Reading this text makes us wonder, if Carol is simply adopting Feurbach’s projection theory when she speaks of the Goddess? We know from the text that Carol, has deep resentment towards traditional patriarchal traditions and mentality in the west. We are introduced to this at the very beginning when she states, “ The Great Goddess alive and well is rising to announce to the patriarchs that their 5,000 years are up. Hallelujah! Here we come.”5 Here Carol portrays the rise of the Goddess in direct correlation to women’s empowerment within society. Furthermore we recognise this theme when she speaks for the need of the Goddess, as a means to legitimize feminine beauty and power. The power and value of women, seem to be of utmost importance to her. The Goddess is a projection of this value, and belief in such, is a mechanism that nurtures women to have faith and confidence in them selves. Giving them motivation to speak, or do the things they feel is right. By believing in the Goddess, Carol is trying to empower women with their own strengths. However with the simple framework that Carol has portrayed, will this consciousness of the Goddess be any more then the consciousness of each women’s own infinity?
I wonder if Carol, was aware of strong Goddess’s found in various different mythologies. I feel Carol might have found Hinduism to be an encouraging source, of both traditional and historic symbolism of women and their power. For example the Goddess Kali, (Kali in Sanskrit meaning time) is thought of as time absolute. Furthermore many argue the goddess is the master of creation, preservation and destruction. 6 She is a powerful entity, but she is also only one aspect of the Devi, the other aspects include, Shakti, which means strength, Parvati who symbolises gentleness and Lakshmi, who is both prosperity and beauty as well as many others. It is believed that no one aspect, can exist without the other and so each Goddess is just a reflection of the others in a different element. I feel this symbolism is much stronger then the limited definition portrayed by Carol. Also what Carol might find interesting, is that in many sects of Hinduism, at the time of marriage the bride accepts the task of working towards realising one of these forms of the Devi. Is this not a great example of a powerful Goddess and a symbolism that benefits both women and men? I think it is. I find it difficult to understand, Carol as a student, professor of Theology had little knowledge of Hinduism or other Easter Religions, if she was aware, depriving her audience of this knowledge seems in purpose of not introducing a Goddess divine, but a Goddess symbol. Carol’s main objective being to fight against the oppression felt by women, and for women to recognise their strength perhaps as equals to men, perhaps as more, within society.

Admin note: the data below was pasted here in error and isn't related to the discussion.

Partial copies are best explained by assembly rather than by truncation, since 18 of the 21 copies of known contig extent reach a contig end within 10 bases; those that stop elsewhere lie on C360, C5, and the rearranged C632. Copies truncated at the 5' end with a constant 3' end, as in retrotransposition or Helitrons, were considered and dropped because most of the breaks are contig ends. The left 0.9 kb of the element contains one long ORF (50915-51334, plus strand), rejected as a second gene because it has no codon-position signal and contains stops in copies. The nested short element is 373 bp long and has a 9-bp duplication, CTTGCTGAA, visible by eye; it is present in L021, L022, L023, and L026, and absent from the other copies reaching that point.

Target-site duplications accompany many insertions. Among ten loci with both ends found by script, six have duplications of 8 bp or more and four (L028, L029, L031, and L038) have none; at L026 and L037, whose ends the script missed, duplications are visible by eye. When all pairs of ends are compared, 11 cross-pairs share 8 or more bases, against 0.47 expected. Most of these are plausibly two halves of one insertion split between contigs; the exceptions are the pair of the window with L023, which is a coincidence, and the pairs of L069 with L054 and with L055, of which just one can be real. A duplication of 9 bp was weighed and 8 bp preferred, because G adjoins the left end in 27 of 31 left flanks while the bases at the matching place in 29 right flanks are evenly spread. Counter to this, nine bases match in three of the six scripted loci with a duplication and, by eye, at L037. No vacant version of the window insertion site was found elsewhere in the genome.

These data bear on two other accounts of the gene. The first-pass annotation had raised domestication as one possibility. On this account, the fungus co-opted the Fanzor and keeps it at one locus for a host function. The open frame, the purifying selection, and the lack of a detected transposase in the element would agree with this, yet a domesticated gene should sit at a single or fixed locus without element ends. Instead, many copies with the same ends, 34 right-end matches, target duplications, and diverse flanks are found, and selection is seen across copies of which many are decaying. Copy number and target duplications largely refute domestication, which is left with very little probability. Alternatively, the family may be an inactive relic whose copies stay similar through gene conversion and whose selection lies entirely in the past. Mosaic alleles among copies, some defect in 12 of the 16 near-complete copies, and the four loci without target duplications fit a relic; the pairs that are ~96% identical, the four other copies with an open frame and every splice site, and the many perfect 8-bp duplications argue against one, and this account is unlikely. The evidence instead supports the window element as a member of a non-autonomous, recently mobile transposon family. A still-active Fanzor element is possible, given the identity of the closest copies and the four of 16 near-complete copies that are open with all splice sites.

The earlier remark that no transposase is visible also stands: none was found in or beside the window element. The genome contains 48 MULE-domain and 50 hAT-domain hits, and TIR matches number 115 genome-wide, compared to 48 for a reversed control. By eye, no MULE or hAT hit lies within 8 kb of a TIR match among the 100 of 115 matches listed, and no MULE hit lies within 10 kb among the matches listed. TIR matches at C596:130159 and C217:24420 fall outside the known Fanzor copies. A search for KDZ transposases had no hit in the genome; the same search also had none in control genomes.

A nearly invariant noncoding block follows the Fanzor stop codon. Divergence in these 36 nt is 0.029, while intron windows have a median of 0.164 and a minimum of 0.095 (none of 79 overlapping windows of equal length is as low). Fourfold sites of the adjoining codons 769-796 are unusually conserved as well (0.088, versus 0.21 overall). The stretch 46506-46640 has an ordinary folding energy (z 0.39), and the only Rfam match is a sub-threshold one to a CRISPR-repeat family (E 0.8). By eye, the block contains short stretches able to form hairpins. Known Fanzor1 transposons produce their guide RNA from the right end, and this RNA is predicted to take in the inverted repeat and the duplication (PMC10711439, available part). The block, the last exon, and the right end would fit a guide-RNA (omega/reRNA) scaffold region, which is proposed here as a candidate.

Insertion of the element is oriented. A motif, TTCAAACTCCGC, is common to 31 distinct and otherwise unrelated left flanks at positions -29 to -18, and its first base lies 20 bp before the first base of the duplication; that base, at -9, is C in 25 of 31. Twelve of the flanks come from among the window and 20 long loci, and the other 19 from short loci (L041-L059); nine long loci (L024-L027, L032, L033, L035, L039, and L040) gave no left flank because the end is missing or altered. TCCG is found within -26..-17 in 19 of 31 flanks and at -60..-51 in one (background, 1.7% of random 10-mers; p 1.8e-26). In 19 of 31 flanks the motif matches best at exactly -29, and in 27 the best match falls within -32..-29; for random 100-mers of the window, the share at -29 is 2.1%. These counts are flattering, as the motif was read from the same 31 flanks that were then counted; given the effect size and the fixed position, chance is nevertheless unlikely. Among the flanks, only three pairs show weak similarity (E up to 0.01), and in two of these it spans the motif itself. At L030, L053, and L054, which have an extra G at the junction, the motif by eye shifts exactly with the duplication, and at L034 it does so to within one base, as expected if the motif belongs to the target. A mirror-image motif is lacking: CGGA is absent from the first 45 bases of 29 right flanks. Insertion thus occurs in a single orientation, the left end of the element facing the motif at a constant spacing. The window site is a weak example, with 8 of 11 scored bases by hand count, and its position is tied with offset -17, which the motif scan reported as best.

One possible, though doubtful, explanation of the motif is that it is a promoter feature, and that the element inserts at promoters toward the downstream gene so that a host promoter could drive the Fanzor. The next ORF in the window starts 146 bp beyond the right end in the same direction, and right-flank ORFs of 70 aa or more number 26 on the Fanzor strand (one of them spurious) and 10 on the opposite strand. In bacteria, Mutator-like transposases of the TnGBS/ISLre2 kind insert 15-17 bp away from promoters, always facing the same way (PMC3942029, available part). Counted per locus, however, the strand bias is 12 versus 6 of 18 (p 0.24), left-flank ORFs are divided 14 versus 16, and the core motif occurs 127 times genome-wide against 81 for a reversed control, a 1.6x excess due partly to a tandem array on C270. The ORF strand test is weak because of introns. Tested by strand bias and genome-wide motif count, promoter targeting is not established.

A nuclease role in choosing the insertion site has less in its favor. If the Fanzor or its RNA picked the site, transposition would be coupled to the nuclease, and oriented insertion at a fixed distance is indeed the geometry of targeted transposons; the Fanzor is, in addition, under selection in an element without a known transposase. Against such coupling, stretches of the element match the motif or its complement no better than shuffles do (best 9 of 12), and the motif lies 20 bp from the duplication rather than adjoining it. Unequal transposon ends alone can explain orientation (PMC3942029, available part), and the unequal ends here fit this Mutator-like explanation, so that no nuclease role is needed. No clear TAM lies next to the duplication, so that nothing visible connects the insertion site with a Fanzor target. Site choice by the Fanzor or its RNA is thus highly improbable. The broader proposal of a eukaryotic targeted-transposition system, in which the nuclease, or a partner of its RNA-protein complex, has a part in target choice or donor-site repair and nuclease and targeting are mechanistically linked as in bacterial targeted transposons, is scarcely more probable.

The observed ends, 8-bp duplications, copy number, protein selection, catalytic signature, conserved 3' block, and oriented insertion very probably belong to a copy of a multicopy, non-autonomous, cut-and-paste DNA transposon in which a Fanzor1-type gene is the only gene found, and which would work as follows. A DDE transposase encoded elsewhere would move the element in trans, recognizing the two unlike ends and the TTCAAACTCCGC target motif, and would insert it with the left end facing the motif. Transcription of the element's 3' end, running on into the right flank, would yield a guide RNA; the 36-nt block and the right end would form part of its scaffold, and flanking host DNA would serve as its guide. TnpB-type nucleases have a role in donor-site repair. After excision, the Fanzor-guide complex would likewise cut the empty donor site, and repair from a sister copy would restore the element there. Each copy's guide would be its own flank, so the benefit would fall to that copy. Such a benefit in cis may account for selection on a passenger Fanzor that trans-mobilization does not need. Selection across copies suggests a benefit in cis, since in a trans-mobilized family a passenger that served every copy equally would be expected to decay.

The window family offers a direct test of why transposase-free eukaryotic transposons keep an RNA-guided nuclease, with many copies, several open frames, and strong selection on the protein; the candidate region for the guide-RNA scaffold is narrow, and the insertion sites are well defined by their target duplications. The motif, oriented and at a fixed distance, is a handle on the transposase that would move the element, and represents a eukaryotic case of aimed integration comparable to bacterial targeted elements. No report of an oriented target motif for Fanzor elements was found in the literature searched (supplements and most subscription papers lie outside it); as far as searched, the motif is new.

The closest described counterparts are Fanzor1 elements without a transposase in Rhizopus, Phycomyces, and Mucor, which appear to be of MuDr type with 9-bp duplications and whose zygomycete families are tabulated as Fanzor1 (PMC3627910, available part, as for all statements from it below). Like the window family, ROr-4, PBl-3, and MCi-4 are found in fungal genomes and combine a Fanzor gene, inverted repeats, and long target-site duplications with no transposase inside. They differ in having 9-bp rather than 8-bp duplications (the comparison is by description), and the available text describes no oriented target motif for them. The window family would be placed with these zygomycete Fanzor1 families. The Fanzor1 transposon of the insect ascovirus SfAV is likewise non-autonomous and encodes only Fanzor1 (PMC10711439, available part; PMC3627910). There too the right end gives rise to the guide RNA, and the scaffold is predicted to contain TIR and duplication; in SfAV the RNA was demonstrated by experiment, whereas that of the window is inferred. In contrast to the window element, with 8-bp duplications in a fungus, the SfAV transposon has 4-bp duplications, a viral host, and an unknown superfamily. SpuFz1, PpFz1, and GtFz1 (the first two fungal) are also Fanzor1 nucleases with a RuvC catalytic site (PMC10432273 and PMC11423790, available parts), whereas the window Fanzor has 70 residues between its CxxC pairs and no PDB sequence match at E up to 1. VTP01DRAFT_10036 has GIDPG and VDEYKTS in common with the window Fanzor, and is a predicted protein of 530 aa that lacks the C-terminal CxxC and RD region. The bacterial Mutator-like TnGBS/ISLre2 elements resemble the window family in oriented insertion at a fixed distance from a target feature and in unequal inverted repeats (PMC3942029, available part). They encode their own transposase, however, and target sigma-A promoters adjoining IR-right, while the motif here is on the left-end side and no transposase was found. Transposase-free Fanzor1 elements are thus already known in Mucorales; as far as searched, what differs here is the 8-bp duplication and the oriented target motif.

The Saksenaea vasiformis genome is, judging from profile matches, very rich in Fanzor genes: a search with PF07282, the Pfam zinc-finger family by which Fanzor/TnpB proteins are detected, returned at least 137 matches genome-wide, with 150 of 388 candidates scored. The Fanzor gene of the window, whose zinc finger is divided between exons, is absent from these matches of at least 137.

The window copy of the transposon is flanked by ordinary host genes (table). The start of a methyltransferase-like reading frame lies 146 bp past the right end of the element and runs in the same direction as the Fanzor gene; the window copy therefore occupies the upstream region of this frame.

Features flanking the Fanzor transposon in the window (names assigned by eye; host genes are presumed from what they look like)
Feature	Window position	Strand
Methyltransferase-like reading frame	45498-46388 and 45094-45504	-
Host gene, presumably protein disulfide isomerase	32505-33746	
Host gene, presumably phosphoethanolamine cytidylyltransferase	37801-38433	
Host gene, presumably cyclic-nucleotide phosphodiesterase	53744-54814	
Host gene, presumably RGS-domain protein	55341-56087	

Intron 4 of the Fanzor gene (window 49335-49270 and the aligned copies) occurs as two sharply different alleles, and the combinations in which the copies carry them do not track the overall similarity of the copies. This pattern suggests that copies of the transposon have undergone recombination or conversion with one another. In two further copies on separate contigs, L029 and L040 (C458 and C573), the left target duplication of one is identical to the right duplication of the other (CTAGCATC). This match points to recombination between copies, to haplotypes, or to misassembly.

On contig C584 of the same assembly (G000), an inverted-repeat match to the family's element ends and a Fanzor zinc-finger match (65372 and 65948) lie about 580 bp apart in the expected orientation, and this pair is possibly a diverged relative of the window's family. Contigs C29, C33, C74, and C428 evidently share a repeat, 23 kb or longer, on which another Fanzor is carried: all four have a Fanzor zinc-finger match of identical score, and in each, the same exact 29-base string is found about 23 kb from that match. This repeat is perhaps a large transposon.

I guess the most important question that is left unanswered might be, does Carol herself believe in the deity or is the goddess just a tool, she uses to develop and recognise her own strengths. Her suggestion that western women due to a lack of a feminine divine figure are able to merit from symbolism and help recognise the link between the Goddess and themselves does suggest one thing, but perhaps by reading more of her work, we can better identify if Carol deters from pure empowerment of women to spirituality through a feminine divine.


Rob Preece, The Psychology of Buddhist Tantra, Snow Lion, NY: 2006
Carol Christ, Why Women need the Goddess, in : J.PlasKowic, Christ (eds), Woman Spirit Rising (San Francisco: Howpiz Row, 1979)

1 Please note I chose to use the Author’s first name to avoid any confusion or suggestion of these ideas having belong to Jesus Christ.

2 Truth for the Individual

3 All deities here represent, all the aspects of the universe, it is important to remember, in Tantric forms of Buddhism there is neglect of positions of right or wrong, as a wrong can be a right through a different lens.

4 Rob Preece, The Psychology of Buddhist Tantra, Snow Lion, NY: 2006

5 Carol Christ, Why Women need the Goddess, in : J.PlasKowic, Christ (eds), Woman Spirit Rising (San Francisco: Howpiz Row, 1979) pg. 278

6 Kali, Durga, Shakti, Lakshmi(technically consort of Vishnu), Parvati, are aspects or avatars of Devi(the divine Goddess) consort of Shiva(the destroyer), Shiva, Vishnu and Brahma form the Holy Trinity of Hinduism, they are the Creator, Preserver and Destroyer, in Hindu philosophy, they are regard as one and the same, one cannot exist without the other.